The UK Ministry of Defence has revealed that 27 Afghan aircrew have been trained in Wiltshire.
March 8: The UK Ministry of Defence has revealed that 27 Afghan aircrew have been trained in Wiltshire as part of a two-year programme run by the UK Joint Helicopter Command (JHC) supported throughout by QinetiQ. Known as Project ‘Curium’, training of the Afghan pilots and flight engineers began in February 2008 at Qinetiq’s facility at Boscombe Down.
Using Mi-17 Hip helicopters acquired on the open market, the Afghan pilots have been trained to operate the type for the Afghan National Army Air Corps (ANAAC) on their return from the end of March when ‘Curium’ finishes. The two Hips, currently owned by the MoD, will be gifted to the Afghan government and be repainted in ANAAC colours.
While the presence of the Hips in Wiltshire has been well known to enthusiasts, the reason for their presence had not been disclosed until now. Wing Commander Al Smith, Officer Commanding the Special Duties Squadron (SDS) that oversaw Project ‘Curium’ said “The students took part in English classes before beginning their flight training with ten hours on a Firefly [fixed-wing] aeroplane before each spending over 60 hours in the Gazelle helicopter. They then transferred to the Mi-17 helicopter, flying over 40 hours each, including basics in tactical flying, formation keeping, confined area landings and some defensive manoeuvres.”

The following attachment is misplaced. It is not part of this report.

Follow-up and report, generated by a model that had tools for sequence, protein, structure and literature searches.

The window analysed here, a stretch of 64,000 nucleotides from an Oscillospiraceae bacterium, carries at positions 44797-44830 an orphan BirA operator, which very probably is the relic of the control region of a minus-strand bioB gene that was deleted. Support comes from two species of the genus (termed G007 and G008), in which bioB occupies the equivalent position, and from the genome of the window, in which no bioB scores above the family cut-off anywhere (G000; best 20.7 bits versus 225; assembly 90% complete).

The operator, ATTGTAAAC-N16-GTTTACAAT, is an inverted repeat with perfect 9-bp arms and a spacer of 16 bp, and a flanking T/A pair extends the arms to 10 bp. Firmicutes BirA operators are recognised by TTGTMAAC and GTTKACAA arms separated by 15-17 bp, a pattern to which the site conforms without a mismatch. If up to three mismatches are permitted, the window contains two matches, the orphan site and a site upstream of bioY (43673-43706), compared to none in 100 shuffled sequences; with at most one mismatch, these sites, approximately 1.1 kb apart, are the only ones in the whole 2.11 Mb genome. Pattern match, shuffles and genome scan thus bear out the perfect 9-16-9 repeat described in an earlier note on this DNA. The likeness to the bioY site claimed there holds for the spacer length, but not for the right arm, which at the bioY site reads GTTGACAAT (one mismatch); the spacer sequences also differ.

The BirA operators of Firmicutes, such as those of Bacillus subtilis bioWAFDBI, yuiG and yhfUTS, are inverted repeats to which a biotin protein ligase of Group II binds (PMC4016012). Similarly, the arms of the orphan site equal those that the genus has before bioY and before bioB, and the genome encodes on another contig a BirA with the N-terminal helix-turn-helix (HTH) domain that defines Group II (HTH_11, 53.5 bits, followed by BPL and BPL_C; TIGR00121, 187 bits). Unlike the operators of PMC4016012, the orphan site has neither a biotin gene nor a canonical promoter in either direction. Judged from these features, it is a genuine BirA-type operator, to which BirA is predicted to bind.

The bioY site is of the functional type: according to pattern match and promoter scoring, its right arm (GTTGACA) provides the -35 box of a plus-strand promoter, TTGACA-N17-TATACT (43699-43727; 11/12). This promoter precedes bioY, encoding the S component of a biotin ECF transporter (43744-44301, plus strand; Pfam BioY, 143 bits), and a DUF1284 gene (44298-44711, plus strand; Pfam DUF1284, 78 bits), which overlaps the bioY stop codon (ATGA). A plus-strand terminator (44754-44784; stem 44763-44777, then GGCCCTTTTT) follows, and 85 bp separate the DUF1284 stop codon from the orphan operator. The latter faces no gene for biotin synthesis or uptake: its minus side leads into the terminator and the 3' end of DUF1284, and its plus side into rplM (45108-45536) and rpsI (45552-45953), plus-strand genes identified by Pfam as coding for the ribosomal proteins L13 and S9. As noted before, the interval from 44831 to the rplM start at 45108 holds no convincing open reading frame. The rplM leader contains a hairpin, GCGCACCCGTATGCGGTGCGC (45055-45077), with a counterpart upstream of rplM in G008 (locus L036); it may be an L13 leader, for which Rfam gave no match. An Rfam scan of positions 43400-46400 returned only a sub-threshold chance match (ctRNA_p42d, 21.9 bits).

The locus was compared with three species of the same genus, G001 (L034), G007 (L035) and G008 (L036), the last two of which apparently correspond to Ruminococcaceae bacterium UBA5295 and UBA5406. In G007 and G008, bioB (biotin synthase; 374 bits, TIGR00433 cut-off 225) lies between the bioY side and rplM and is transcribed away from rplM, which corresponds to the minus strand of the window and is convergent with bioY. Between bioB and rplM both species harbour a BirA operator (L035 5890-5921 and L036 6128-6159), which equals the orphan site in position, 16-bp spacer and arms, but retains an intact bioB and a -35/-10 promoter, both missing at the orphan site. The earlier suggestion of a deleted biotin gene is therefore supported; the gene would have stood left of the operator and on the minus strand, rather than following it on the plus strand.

QinetiQ provided ‘Release to Service’ recommendations for the two Mi-17 helicopters, enabling them to be placed on the UK military register. Engineering support was provided by a Lithuanian company, Helisota, a maintenance and repair company with extensive Mi-17 aircraft experience.
Jeff Gardner, QinetiQ’s Technical Manager for Project ‘Curium’, said “The aircraft arrived in the UK with some issues that had to be solved before they could be used for training – the cockpit instruments had to be anglicised from the aircraft’s native Cyrillic, although some instruments still bear elements of the Russian alphabet.”